Sessions

Creating a Connected and Engaged Organization

Presented by: Dan Pontefract, Chief Envisioner, Telus

An organization’s operating culture is constructed through conversation and circumstance, supported by relationships and trusted networks. It can be augmented with collaboration technologies that encourage people to surface experiences and ideas across locations, internal systems, and topics. Information and insights scale through integrated platforms, systemic leadership traits and iterative approaches. It's time for both leaders and employees to become collaborative, both in terms of the technology and the behaviour. It’s time for new and open leadership that uses technology not because it’s cool, but because it fosters a cultural competitive advantage.

Key Take-Aways:

Do you know the cost of disengagement and its impact to your bottom line? Satisfied employees translates into satisfied customers.  Culture can self-propel or self destruct.  Culture is your competitive edge!  CIOs can aid and abet engagement.   Telus has leveraged collaboration technologies to raise employee engagement score from 53% to 83%.
 

Help Me Obi Wan – You’re My only Hope: Four Cyber Security Innovations to Give You Courage

Presented by: Rick Howard, CSO, Palo Alto Networks

With all of the negative press about how weak the collective good-guy cyber defenses are, there is reason to hope. Today I discuss four cyber security innovations that not only work but will fundamentally change how we will all do our jobs in the future. Some of our community are leaning forward with these ideas and showing us the way. They are teaching us how to transform our tactical Incident Response teams into strategic intelligence organizations. They are changing our old-school thinking of deploying tactical signature defenses into the more modern Kill-Chain and Indicators-of-Compromise methodology. They are breaking new ground on how to share threat indicator information between peers. Finally, they are adopting next generation firewall technology to replace the very old last generation technology.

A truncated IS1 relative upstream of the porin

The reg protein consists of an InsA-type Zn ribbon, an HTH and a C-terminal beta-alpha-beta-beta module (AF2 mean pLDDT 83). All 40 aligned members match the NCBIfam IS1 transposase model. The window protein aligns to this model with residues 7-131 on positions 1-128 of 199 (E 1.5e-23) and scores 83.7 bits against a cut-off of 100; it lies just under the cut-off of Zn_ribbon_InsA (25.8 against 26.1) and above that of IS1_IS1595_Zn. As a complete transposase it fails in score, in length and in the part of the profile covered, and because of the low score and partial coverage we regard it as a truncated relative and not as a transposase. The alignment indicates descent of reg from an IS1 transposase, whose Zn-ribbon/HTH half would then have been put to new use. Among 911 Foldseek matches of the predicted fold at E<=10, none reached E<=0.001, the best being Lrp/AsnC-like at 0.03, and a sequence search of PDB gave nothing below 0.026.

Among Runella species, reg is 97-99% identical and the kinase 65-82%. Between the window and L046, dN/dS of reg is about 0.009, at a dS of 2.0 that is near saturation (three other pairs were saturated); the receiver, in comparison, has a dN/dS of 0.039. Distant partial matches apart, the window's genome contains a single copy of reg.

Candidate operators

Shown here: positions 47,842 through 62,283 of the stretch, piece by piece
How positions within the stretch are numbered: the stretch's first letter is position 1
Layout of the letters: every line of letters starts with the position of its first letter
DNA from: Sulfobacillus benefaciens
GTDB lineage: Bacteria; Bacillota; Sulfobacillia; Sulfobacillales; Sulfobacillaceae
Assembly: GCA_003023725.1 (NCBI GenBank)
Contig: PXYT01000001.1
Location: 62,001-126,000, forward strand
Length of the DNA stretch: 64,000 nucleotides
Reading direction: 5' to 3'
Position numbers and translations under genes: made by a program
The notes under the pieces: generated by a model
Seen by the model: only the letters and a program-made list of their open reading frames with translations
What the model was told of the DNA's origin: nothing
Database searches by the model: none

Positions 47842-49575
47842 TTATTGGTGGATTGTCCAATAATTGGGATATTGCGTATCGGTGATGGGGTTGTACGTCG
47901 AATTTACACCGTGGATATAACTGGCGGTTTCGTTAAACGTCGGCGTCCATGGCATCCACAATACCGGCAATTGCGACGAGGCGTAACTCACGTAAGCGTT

Key Take-Aways:

Rick Howard began with a review of security measures commonly used to counteract  ever- evolving threats to data.  Perimeter firewalls and signature scan methodologies are too restrictive to meet today’s demands of BYOD and social media.  New strategy has four pillars: 1) intelligence response team 2) Kill-chain methodology 3) Information Sharing and 4) Next generation capability in firewalls. These are designed to address vulnerable points that could invite attack.   Howard suggested a comprehensive plan of multi-layer security planning attack analysis. First comes the understanding that an attack has to go through several stages before it can be successful in achieving its goals.